Mr. Kanner addressed funding and possibly using the Food and Beverage (F&B) tax to pay for street improvements.  Currently F&B tax went towards the Wastewater Treatment Plant debt until 2022.  The City refinanced the Wastewater Treatment Plant debt and it would slowly decline until paid off in 2022.  While this was happening, the F&B tax revenue was increasing creating a gap no longer needed for the treatment plant debt.  Based on the past, staff was comfortable forecasting this was the trajectory.  Mr. Kanner proposed applying the gap no longer needed for wastewater debt to street maintenance primarily the $10,500,000 pavement maintenance program.  The amount for 2017 would be approximately $679,000.  The City would incur new debt for other wastewater treatment projects, but the cost of the debt service for those projects was built into wastewater rates anticipated in the Wastewater Master Plan.  By 2022, the gap in F&B tax would be $1,350,000.  Mr. Kanner proposed amending the ordinance to increase the Parks and Recreation Department’s portion of F&B tax to 25% to help their equipment replacement fund.  He thought the City could fund the $10,500,000 pavement program using F&B tax and possibly a slight increase over time to the transportation utility fee.  In 2023, the debt service for the Wastewater Treatment Plan would end.  There was an opportunity at that point to start banking F&B tax for the other $19,700,000 projects.  If Council agreed, he would bring an ordinance back that reallocated F&B tax dollars.  Staff was still factoring details.  He talked to focus groups and people in general supported using those dollars for street repair.  This did not require deferring changes to the F&B tax to voters.
 
Staff would look into the percentage of traffic volume tourists added to wear on the streets.  Mr. Kanner clarified the City could not defuse debt until the last two years due to the recent refinance.  The debt at this point was $9,000,000 to $10,000,000 on the treatment plant.  The F&B tax would sunset 2030.
 
Mr. Kanner had some hesitation funding capital improvement projects with F&B tax and wanted to see if the City received a grant for the East Nevada project before committing to borrowing money.  The one thing that needed to happen right away was borrowing the $10,500,000 to do the pavement maintenance project.  The rest did not need to happen immediately.  Mr. Faught noted they had the internal capacity to manage the project but it would be a challenge.
 
Mr. Kanner clarified the financial projections indicated the City could cover the debt service on wastewater treatment projects or upgrades with operating cash.  Financial projections noted substantial growth in the Waste Water Fund Balance even with new debt service.  The fund balance was larger than needed.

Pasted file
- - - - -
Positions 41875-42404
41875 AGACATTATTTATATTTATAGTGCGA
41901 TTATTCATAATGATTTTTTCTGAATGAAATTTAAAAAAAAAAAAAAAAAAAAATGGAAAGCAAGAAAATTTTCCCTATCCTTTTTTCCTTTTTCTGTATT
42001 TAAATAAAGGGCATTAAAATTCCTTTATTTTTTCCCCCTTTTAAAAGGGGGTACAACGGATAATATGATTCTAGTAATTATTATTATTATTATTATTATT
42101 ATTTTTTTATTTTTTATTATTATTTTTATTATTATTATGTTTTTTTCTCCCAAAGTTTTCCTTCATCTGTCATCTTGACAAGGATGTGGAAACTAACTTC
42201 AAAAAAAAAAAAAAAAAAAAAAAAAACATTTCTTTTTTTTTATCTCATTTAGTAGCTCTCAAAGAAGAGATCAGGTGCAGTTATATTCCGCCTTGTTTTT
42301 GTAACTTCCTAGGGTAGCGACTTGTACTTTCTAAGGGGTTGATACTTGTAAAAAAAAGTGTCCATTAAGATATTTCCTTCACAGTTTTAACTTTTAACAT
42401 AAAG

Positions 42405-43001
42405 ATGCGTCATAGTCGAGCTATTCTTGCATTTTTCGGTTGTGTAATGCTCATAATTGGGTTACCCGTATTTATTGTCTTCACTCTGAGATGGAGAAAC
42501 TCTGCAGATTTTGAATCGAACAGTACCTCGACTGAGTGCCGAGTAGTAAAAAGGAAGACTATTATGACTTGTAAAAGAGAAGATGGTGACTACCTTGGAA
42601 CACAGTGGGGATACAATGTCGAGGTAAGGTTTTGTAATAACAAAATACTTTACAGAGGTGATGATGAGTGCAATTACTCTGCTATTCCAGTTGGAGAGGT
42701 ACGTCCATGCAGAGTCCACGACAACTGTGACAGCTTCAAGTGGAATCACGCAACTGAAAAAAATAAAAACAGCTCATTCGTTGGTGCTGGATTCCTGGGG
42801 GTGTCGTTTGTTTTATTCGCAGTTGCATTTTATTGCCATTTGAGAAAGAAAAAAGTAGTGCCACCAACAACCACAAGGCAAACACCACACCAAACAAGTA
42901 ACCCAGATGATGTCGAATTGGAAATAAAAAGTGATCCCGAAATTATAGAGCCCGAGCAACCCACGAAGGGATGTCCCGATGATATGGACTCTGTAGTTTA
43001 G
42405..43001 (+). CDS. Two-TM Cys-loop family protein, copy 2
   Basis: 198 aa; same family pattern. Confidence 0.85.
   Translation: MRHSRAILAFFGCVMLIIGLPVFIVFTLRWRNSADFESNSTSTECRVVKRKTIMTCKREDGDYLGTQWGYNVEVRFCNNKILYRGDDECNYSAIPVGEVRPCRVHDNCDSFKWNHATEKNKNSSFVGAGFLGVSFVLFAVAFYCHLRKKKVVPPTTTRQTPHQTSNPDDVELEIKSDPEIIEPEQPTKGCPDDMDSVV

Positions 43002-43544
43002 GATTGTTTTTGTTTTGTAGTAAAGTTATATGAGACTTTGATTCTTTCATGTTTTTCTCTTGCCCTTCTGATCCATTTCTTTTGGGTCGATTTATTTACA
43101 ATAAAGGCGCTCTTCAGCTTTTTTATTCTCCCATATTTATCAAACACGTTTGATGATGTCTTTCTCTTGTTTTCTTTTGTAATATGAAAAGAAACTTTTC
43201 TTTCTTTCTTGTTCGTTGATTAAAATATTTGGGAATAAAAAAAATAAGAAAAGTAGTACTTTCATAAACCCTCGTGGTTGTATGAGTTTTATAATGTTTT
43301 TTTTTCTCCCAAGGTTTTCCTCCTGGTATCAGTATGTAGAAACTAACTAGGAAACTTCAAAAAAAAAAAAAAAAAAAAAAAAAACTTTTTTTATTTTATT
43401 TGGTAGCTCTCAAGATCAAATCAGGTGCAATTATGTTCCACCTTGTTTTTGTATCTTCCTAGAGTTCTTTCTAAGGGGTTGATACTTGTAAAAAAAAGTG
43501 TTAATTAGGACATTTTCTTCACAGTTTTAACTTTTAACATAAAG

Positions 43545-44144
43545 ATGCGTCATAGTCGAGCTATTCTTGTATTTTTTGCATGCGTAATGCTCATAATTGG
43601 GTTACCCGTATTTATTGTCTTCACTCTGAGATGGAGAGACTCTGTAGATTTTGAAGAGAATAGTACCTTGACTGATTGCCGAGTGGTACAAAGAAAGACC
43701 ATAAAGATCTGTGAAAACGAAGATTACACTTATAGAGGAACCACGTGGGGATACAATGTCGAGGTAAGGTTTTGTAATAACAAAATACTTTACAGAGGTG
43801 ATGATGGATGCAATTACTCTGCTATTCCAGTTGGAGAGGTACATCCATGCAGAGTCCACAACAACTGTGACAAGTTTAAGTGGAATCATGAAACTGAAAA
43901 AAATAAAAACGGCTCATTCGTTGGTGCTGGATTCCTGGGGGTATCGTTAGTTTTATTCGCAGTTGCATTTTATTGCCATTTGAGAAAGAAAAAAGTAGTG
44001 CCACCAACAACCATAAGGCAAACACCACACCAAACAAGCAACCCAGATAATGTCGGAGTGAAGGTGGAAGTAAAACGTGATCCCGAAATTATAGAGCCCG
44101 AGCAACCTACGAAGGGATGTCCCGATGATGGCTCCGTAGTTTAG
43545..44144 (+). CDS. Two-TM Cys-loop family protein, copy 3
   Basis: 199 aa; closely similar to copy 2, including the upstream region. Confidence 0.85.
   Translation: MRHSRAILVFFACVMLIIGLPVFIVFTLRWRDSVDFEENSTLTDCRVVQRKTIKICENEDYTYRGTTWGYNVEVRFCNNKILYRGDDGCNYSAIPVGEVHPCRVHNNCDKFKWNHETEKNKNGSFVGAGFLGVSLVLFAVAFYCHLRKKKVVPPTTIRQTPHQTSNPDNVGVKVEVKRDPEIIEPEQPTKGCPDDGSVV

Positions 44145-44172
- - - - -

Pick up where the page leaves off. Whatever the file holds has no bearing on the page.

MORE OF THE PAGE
Mr. Burkhalter explained with the exception of three overlays in 2009, the Streets Division had not done any overlays for 15-20 years.  Currently 65% of the entire street network was 20 years or older.  Within the next five years, it would increase to 75%.  Mr. Faught clarified the East Nevada project and new Independent Way Street were high priorities regarding connectivity.  Council could bump the projects and use those funds for street repair if they wanted.
 
Hansford Consulting advised the City to bond in phases, possibly every 2-3 years. 
 
Mr. Kanner proposed moving away from a fixed percentage of allocating this money for wastewater debt and street maintenance and go to a “cost plus” model.  The City could allocate the dollar amount needed from F&B tax for wastewater debt, add a small percentage to continue building the reserve and the wastewater fund, and put the remaining balance towards street improvements.
 
Council discussed concerns reallocating funds to street maintenance, and having a public discussion during a regular Council meeting about putting it out to the voters.
 
Mayor Stromberg spoke to someone at the Visitor Convention Bureau (VCB) who stated that Ashland received 300,000 visitors a year.
 
Council directed staff to bring the matter back to a regular Council meeting and explain the rationale for raising the Parks and Recreation Department percentage to 25%.
 
4.   Discussion of Citizen Planning Advisory Committee
Councilor Voisin wanted Council to consider reactivating the Citizen Planning Advisory Committee (CPAC) for a trial period of two years and explained why.
 
Councilor Rosenthal left the meeting at 6:43 p.m.
 
Council did not support reactivating CPAC and directed staff to bring an ordinance to a future Council meeting to repeal Ashland Municipal Code Chapter 2.27 and transfer Committee Citizen Involvement (CCI) responsibilities to the Planning Commission.
 
Meeting adjourned at 6:58 p.m.
 
 
Respectfully submitted,                                                                                                          
Dana Smith
Assistant to the City Recorder